We live in a society in which admitting one’s own sins is seen as a sign of weakness.
‘...and the Christian kingdoms against the Muslim Ummah’. Turkey's challenges seen by Carlos Madrigal, pastor of the Istanbul Protestant Church.
While in the West we have separated (or so it seems) state and religion in all areas of public life, in this part of the world the political and military decisions that the West takes are not seen precisely this way.
At the same time, the West is trying to maintain a balance between the denunciation and rejection of fanaticism, while trying to contain any outbreak of "Islamophobia". And it continues to believe that the remedy is secularism.
But it is striking to see the tagline that initially appeared after the horrific attacks in France: "Pray for Paris". It seemed at first that this was the best resource, but this soon switched to the literal implementation of a popular saying that states: "Strike with thy rod while thou beg to thy God."
In fact, the number of armed clashes that both powers (Russia and the Ottomans) have staged in the past are far from few. It is interesting to see from this part of the world how the heir to the communist empire is rising up in defense of the values of Christianity (as when it claimed that the US had turned its back on God, following the ratification of the Supreme Court on the right to gay marriage).
In turn, the heir to the Ottoman Empire stands in defense of freedom, secularism and advanced democracy (as it is called here). They defend the freedom of the Syrians to reclaim and even overthrow the existing regime, but send to jail those journalists in their own country who highlight the supposed supply of arms by the Turkish state to rebel areas in the neighbouring country.
European countries in turn are engaging in an armed struggle "against Islamic terrorism" and hence consider bombing an Islamic State that, directly or indirectly, they had armed. But all they get is to rekindle the fire, as if they were trying to put it out with gasoline. It is clear that no one can stand idly by against the barbarism of the self-proclaimed Islamic State.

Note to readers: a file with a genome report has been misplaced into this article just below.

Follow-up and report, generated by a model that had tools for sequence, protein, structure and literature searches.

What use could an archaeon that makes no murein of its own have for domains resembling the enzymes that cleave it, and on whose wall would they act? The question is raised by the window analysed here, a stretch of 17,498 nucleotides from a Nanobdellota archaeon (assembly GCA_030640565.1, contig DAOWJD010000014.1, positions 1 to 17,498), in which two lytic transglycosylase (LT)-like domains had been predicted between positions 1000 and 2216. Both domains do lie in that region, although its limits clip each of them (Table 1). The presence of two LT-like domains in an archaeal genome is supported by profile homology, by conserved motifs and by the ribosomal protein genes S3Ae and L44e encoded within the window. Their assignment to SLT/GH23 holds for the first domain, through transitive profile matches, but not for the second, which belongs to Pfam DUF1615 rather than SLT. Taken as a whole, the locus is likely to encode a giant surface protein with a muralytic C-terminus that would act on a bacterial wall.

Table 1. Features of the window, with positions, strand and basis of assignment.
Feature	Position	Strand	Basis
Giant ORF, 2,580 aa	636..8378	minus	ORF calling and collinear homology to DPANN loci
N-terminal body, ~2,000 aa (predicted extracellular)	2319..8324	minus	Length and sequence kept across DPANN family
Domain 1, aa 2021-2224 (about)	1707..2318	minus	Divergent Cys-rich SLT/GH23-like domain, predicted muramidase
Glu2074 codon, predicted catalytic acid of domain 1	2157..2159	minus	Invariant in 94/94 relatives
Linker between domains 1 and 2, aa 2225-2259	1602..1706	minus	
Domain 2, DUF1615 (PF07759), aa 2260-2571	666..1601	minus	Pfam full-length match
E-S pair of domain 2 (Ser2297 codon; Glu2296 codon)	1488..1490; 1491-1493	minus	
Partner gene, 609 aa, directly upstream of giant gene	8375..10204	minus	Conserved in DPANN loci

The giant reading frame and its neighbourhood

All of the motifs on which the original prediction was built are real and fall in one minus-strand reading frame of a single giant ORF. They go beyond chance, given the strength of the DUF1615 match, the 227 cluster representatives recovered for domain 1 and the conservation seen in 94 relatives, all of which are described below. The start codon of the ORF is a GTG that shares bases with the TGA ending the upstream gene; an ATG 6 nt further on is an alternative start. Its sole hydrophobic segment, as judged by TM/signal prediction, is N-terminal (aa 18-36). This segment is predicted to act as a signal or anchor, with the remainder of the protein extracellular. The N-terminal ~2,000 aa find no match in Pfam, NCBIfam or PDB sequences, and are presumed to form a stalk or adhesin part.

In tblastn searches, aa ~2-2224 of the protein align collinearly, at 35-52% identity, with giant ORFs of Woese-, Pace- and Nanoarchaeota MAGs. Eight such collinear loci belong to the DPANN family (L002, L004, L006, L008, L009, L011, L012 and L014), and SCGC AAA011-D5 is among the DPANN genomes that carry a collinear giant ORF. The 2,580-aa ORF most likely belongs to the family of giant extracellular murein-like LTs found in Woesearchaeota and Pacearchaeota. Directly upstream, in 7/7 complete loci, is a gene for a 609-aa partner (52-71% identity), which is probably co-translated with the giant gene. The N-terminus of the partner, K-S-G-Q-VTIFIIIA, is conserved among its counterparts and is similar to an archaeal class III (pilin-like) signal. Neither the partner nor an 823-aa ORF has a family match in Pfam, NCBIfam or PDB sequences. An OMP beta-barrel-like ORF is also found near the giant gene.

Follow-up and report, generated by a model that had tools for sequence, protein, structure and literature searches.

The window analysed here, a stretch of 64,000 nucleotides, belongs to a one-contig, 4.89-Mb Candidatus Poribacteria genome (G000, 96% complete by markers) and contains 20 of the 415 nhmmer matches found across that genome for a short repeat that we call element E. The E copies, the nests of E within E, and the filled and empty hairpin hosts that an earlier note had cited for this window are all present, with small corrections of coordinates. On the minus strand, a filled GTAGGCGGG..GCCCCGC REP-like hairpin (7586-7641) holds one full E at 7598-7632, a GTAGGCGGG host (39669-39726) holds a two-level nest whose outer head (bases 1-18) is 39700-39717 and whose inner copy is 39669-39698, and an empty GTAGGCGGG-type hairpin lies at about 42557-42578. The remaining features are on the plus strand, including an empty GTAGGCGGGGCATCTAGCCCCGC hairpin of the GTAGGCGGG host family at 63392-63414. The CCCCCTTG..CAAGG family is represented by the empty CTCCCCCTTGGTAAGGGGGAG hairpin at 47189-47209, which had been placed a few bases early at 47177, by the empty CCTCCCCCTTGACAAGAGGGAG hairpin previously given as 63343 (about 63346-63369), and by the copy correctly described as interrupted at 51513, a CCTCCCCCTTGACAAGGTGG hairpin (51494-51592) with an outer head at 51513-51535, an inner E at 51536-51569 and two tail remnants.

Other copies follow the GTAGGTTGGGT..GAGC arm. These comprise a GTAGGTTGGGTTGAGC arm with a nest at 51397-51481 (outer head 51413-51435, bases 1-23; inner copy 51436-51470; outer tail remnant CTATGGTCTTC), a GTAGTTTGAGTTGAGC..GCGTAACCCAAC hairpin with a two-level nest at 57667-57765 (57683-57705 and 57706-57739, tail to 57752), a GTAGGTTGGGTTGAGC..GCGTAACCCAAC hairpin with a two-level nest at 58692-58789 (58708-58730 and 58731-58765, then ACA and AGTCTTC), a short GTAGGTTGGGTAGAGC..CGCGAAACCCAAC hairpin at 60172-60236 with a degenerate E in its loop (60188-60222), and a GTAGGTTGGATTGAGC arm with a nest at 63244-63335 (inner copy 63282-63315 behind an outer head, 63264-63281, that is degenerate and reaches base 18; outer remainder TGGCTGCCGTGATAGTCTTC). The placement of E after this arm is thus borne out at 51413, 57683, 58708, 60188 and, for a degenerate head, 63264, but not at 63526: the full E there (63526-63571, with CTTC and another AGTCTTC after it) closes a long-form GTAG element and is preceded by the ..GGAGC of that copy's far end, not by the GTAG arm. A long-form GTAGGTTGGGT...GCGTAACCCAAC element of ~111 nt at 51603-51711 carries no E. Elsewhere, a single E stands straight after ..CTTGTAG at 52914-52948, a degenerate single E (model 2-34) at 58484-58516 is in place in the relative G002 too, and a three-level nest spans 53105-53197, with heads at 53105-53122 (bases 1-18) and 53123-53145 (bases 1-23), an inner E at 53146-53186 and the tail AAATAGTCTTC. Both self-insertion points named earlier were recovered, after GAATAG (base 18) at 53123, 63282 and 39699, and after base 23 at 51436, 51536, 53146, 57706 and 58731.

But since September 11 how has the so-called war contributed to the fight against jihadist terrorism in Iraq, Afghanistan, etc.? Is not the world worse now than it was before? The way that Western powers try to address these problems is through that "eye for eye, tooth for tooth" so hated by them, and which on other occasions they themselves accuse as being mere religious fanaticism.
And part of the problem is that the alternative offered by the West to fundamentalism is the emptiness of secularism. It does not realise that three quarters of the world continue to shape their worldview based on their beliefs. Or put another way, their religious beliefs shape their reactions to the rest of the world. And the way to find peace and reconciliation between different countries cannot be through fighting violence with violence. Thus, the only thing that this approach provides is the confirmation that the West continues to promote crusades (especially if oil is part of the equation).
What is the alternative? I heard some time ago that after World War II, when General McArthur was "viceroy" of Japan, he financed the importation of eight million Bibles in Japanese to counter the hate that was causing multiple suicide attacks in Japan. I do not know if the story is true or not. Nor do I think that we have to distribute millions of Bibles in the Middle East without rhyme or reason. This might even cause greater offense, who knows?
But what it does mean is that the way to counter religious radicalism is through exporting values of reconciliation and brotherhood, which exist in Western culture precisely because it has received them as an inheritance from Christianity. How to do it? Well, let's not stop praying...
Carlos Madrigal, Founding Pastor of the Istanbul Protestant Church.